ww2dbaseIn 1931, Niemöller became the junior pastor of Saint Anne's Church in Dahlem near Berlin, Germany. He initially welcomed the arrival of the Nazi Party due to its apparent pro-German and anti-communist stance. Once the Nazi Party came to power and began to Nazify all branches of society, namely the church, he began to criticize the government's attempt to intervene in church matters. Overall, he remained a supporter of the Nazi regime, however, going as far as sending Adolf Hitler's office an approving and congratulating telegram for Hitler's decision to remove Germany from the League of Nations in 1933. In 1934, together with other religious leaders such as Karl Barth and Dietrich Bonhoeffer, founded the Confessional Church as the mainstream Lutheran church slowly became an organ of the Nazi German government. In 1936, he joined a group of Protestant church leaders in protesting the practice of creating "Aryan Paragraph" in various documents of German businesses, citing its incompatibility with the Christian virtues. While he hid a number of Jews in his church to protect them from state persecution, he had also made anti-Semitic remarks, such as the statement from a 1935 sermon: "What is the reason for [the Jews'] obvious punishment, which has lasted for thousands of years?... The Jews brought the Christ of God to the cross". In another sermon also dated 1935, he described the Jews as "a highly gifted people which produces idea after idea for the benefit of the world, but whatever it takes up changes into poison, and all that it ever reaps is contempt and hatred". He was arrested a number of times between 1934 and 1937 for various anti-government offenses. He was arrested for the final time in Jul 1937, and would remain detained at the Moabit Prison in Berlin through Mar 1938, when he was brought to court for anti-German activities. He was given a 7-month prison sentence and was released immediately for time already served; as he was walking out of the court building, however, he was taken in by Gestapo agents. Between 1938 and 1942, he was a prisoner at Sachsenhausen concentration camp. While a prisoner at Sachsenhausen, he wrote two letters, once in 1938 and a second time in 1941, to Admiral Erich Raeder, requesting Raeder's intervention for Niemöller's release, so that Niemöller could re-join the navy. In 1942, he was transferred to Dachau concentration camp, where he would be housed with Catholic dissenters. Near the end of the European War, in late Apr 1945, with about 140 other important prisoners, he was transported southward. This group was possibly being safeguarded as potential bargaining chips. En route, in Austria, German Army personnel overtook the SS guards (who probably had orders to kill the entire group prisoners should any part of the plan go wrong) and took custody of the group. They were eventually freed by members of the US Seventh Army.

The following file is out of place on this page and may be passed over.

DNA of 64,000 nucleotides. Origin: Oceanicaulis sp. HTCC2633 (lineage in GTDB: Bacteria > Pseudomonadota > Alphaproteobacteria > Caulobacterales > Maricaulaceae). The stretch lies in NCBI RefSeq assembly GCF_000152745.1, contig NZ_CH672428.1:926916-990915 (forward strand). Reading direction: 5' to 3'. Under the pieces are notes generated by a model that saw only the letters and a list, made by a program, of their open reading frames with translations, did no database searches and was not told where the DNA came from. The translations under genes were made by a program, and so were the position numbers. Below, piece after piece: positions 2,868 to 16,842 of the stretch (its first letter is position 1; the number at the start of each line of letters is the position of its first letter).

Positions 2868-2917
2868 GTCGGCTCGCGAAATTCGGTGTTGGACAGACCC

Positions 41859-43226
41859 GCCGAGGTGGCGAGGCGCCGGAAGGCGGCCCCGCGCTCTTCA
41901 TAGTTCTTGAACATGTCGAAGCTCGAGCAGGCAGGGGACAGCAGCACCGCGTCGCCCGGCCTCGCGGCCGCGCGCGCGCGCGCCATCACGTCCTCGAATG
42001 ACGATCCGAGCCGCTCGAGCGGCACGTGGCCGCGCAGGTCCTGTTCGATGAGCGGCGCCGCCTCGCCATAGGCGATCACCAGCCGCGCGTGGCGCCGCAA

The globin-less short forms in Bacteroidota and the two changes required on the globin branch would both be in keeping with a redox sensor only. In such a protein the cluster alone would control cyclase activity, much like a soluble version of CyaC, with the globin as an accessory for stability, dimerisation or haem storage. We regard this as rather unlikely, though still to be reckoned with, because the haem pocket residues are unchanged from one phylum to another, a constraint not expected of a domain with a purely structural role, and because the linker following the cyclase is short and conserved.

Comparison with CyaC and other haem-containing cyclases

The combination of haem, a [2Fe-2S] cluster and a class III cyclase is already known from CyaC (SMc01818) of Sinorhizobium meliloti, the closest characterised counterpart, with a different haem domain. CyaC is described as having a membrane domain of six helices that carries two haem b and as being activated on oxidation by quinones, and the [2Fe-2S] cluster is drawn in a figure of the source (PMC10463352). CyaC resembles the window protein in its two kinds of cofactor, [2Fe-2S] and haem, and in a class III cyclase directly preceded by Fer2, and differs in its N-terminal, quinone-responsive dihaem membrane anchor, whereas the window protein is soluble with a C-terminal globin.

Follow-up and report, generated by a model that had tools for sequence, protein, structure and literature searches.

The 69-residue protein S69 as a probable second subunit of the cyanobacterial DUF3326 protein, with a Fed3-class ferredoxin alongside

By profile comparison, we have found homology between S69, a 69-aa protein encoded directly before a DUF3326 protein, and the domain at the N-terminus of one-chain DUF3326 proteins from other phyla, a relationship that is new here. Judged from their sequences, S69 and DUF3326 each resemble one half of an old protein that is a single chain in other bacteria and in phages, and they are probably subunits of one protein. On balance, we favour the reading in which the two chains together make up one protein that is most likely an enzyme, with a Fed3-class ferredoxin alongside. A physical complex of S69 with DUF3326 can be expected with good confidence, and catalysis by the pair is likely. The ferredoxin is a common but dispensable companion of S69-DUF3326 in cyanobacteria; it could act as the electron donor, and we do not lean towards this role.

ww2dbaseAfter the war, Niemöller was one of the initiators of the Stuttgart Declaration of Guilt (dated 19 Oct 1945), which acknowledged that the German churches had not done enough to resist Nazi policies. In 1946, he made the first of several speeches about the cowardice of German intellectuals, including himself, following the Nazi Party's rise to power and subsequent purges. The key points were later re-written as a poem similar to the following: